Something that we often hear said in relation to Succession Planning is that it is “too hard”. One of the reasons for this is that is perceived to be such an enormous undertaking, it is considered overwhelming.
For most, it is a matter of not knowing where to start. Families can be overwhelmed by the number of decisions that need to be made; their lack of clarity often in even knowing what questions need to be asked; the fear around the difficult conversations that need to be had, and the fact that there is a lot of emotion involved.
One of the first things to realise is that Succession Planning is a process rather than an event, and therefore the issues can be resolved one step at a time. They do not have to be dealt with all at once. The things that can be planned for can be planned, and flexibility can be left where it is needed.
So the starting point is with the business owners, who are also generally the parents in a family farming situation. It is important that these people are crystal clear about what is important for them in both a business and personal sense, and how they see their future. It is also important for them to realise that ‘Mums’ and ‘Dads’ do not necessarily want all the same things in their futures, and that this is absolutely normal.
In the Succession Planning process Mums and Dads take priority over everyone else and this can be a difficult concept to grasp. They need to be aware that they are responsible for their own clarity. Once they are clear about what their needs and expectations are, it is easier for the remainder of their family to gain clarity, and make the decisions they need to make.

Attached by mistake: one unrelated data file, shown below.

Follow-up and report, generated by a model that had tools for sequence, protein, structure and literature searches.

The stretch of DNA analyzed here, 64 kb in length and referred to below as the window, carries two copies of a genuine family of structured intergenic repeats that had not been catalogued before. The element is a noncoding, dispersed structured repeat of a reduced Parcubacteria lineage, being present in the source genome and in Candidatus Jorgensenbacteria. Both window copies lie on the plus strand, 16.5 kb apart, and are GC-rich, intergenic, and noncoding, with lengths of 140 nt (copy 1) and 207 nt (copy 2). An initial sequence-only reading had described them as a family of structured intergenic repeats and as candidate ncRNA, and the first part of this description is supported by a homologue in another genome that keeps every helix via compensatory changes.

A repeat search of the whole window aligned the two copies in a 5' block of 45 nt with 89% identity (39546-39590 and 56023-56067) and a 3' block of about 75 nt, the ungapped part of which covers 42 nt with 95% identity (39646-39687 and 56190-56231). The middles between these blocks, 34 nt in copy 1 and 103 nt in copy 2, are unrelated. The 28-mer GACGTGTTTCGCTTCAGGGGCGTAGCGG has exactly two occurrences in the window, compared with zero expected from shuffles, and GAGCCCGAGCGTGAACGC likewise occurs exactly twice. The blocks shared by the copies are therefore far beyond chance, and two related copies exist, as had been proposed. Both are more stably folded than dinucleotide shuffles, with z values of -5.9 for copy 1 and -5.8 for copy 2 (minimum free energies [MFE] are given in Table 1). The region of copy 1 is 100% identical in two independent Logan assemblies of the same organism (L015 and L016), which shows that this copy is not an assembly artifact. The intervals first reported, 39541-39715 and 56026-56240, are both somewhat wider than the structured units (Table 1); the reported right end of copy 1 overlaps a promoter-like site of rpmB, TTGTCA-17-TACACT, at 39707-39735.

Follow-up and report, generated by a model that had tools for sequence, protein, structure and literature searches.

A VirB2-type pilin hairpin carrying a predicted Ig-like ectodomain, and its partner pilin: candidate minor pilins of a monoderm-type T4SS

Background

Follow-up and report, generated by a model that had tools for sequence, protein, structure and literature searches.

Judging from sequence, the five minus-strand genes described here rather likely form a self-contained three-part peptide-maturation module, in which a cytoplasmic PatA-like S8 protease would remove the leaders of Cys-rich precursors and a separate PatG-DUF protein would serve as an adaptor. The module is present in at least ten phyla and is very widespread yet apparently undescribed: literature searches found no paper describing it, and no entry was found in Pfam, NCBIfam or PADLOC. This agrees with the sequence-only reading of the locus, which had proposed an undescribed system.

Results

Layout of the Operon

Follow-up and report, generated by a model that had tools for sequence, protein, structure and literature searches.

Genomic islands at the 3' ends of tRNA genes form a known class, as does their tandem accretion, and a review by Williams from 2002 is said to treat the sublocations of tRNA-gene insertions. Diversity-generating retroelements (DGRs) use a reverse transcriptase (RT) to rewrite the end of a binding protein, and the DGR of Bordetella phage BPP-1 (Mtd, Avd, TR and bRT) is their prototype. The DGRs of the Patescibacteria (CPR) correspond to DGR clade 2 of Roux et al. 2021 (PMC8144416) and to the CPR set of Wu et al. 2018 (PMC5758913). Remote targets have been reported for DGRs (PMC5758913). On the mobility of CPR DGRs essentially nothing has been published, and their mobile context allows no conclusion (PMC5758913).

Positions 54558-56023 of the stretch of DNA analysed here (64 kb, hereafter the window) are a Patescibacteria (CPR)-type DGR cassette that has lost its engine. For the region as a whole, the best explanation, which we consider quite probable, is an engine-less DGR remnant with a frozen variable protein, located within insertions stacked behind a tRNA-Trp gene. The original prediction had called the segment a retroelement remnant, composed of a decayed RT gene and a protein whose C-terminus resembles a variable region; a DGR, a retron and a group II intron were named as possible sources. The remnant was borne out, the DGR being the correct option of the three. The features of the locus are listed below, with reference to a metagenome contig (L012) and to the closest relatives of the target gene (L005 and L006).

To gain clarity, these are some of the questions that need to be asked:
• What is the purpose of our business i.e. what are our goals and what are we wanting to achieve?
• Is our business viable i.e. can our business meet our goals?
• What are the roles and responsibilities of the different family members i.e. are they clearly defined, and is there a process in place to allow for a smooth transition?
• Is there a retirement plan i.e. what does it look like, what will it cost, what does each partner want, what are the options?
Open and honest communication is vital in the Succession Planning process. As much as many may find succession a “grubby” conversation to have, it is absolutely necessary to discuss the issues face to face in a forum that allows family members to hear from each other. It is a mistake to assume we know what other family members want.
When communicating in this situation it is also important to realise there will be conflict. What matters is how the conflict is viewed and handled. Conflict occurs as a result of difference and is therefore quite normal. It needs to be talked about and resolved, rather than left to fester.